(public name: Metastatic Breast Cancer GPS)
AURORA is an international, academic research programme that uses molecular screening technology to decode the genetic characteristics of a tumour and identify the genetic changes (i.e., molecular aberrations) that drive disease evolution over time, in patients with recurrent or locally relapsed metastatic breast cancer.
According to recent estimations, about 30% of patients with breast cancer will eventually develop metastases in other parts of the body. This advanced form of the disease is responsible for the great majority of breast cancer deaths. Metastatic breast cancer is more difficult to treat and currently remains essentially incurable, and whilst some individuals live much longer than others with the disease, we do not understand why.
The current treatment options are usually based on the clinical-pathological characteristics of the primary tumour (where the cancer began) rather than on the characteristics of the tumour once it has spread.
Decoding the genes of cancer
AURORA aims to better understand how and why a breast cancer tumour spreads.
Thanks to the highly advanced technologies available today, such as next-generation sequencing analysis, researchers are able to characterise tumours on the genetic level in great detail.
Several studies have already shown that there are genetic changes that are different in the primary tumour and in the metastases. In addition, different resistance mechanisms to treatments may emerge over time.
By analysing the molecular/genetic profiles of tumours, AURORA is laying the groundwork for answering key questions in metastatic breast cancer, such as:
– How do tumour cells spread to other organs?
– Is this due to the genetic profile of the primary tumour or to genetic changes that occur over time?
– How do mechanisms of treatment resistance develop?
This is why the AURORA study consists in the collection, for each patient, of primary and metastatic tumour samples, as well as serial blood samples, and the long-term follow-up (up to 10 years) of patients to monitor the disease evolution over time.
AURORA could open new treatment strategies leading to prolonged disease control and better quality of life for people affected by metastatic breast cancer.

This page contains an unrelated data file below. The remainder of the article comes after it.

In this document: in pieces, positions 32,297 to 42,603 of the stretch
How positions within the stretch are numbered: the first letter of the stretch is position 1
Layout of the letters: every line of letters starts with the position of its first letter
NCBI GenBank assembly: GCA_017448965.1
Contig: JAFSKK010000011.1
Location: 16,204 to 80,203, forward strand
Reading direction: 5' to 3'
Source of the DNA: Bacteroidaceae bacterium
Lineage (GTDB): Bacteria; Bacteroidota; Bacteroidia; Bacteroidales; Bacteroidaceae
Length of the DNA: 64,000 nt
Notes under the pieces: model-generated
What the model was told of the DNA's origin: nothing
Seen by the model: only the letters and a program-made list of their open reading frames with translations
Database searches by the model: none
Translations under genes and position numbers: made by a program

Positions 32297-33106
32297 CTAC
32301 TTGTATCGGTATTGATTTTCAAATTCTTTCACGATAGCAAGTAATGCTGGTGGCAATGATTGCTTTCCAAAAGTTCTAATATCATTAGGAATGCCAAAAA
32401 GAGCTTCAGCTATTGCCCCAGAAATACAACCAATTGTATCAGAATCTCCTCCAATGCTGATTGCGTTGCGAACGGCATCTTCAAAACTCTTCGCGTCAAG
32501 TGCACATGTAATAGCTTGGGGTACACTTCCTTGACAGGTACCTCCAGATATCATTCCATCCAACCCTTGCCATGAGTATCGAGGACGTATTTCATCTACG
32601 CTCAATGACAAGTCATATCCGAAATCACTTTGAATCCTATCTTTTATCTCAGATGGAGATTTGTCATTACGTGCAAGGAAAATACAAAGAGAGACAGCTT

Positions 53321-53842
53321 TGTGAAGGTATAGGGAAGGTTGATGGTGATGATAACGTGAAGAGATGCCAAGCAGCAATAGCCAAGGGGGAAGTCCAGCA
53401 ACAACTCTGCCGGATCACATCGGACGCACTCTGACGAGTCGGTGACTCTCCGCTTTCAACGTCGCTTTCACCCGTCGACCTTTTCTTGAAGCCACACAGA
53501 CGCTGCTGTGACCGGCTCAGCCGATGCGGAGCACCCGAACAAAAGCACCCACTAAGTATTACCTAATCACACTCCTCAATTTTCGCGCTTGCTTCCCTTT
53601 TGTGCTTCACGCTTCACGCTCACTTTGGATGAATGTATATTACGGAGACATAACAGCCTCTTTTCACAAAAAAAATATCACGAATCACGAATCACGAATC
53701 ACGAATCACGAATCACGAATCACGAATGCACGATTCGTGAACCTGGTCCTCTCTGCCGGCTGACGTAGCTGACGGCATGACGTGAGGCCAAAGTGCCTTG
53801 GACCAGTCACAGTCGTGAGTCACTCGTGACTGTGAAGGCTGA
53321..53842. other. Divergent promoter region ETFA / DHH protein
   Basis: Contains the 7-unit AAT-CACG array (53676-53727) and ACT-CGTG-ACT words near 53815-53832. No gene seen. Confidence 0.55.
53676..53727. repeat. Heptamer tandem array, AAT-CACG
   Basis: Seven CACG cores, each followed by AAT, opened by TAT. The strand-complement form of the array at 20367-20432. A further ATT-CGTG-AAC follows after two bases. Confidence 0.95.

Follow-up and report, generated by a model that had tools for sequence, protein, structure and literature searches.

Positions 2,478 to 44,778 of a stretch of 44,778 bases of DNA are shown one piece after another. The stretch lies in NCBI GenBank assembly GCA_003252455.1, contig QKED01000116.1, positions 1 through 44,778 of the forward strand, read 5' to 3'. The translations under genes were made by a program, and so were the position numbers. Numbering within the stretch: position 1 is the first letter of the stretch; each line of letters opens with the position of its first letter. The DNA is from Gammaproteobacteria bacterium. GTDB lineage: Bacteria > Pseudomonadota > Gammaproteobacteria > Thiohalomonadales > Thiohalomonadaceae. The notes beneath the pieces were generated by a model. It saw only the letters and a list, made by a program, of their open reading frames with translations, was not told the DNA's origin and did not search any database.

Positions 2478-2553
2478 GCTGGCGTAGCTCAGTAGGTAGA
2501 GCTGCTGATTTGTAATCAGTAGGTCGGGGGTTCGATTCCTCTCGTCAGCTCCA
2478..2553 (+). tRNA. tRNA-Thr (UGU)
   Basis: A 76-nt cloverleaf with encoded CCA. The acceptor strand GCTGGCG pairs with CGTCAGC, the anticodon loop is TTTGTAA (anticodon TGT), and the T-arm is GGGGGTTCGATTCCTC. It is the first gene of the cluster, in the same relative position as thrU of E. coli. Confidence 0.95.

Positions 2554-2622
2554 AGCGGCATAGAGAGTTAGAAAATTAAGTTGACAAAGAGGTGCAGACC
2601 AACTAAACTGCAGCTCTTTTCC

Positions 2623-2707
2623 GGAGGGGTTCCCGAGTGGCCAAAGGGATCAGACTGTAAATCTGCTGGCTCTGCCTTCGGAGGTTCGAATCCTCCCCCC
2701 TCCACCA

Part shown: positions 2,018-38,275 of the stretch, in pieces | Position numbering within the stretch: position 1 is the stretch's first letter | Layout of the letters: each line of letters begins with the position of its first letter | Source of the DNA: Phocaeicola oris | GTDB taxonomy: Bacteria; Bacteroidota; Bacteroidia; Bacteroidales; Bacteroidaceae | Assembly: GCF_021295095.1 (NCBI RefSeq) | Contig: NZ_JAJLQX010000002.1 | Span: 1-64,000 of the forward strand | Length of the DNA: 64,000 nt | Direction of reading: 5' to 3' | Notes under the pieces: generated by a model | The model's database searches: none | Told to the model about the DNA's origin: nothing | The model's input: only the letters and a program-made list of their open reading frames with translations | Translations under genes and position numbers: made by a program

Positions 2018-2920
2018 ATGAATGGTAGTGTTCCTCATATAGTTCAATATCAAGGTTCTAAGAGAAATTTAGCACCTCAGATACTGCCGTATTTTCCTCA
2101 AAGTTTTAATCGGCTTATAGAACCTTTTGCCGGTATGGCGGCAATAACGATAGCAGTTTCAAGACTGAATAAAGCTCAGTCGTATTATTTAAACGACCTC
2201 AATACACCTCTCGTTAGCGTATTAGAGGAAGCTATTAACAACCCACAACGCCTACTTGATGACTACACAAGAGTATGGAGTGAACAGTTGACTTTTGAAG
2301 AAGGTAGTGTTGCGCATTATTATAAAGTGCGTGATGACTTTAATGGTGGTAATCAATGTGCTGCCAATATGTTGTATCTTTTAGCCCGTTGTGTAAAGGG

The huge amount of collected information will also enable new hypotheses to be generated for future research.
 Ross C, Szczepanek K, Lee M et al. The genomic landscape of metastasis in treatment-naïve breast cancer models. PLoS Genet 16(5): e1008743. May 28, 2020 https://doi.org/10.1371/journal.pgen.1008743
The initial results for the first 381 patients included in the study were presented at the ESMO Breast Cancer Congress in 2019 and published in Cancer Discovery in June 2021.
AURORA researchers have identified genetic changes that are more common in metastatic samples than in samples from the primary tumours.
The analyses of RNA sequencing data from paired primary and metastatic samples from the same patients showed that, in 36% of the cases, the subtype of breast cancer changes between the primary and the metastatic disease, usually towards a more aggressive form.
The analyses also indicated that metastases expressed fewer immune-related genes and had a different immune cell composition, which may create a microenvironment more favourable to the development of metastases.
The analysis of how long patients survived with the disease showed that those with hormone receptor-positive (HR+) HER2-negative breast cancer who also had high tumour mutational burden (TMB), meaning whose primary tumour had a large number of somatic mutations (genetic changes that are not inherited), had both shorter overall survival and shorter time to relapse, indicating that TMB is a factor of poor prognosis.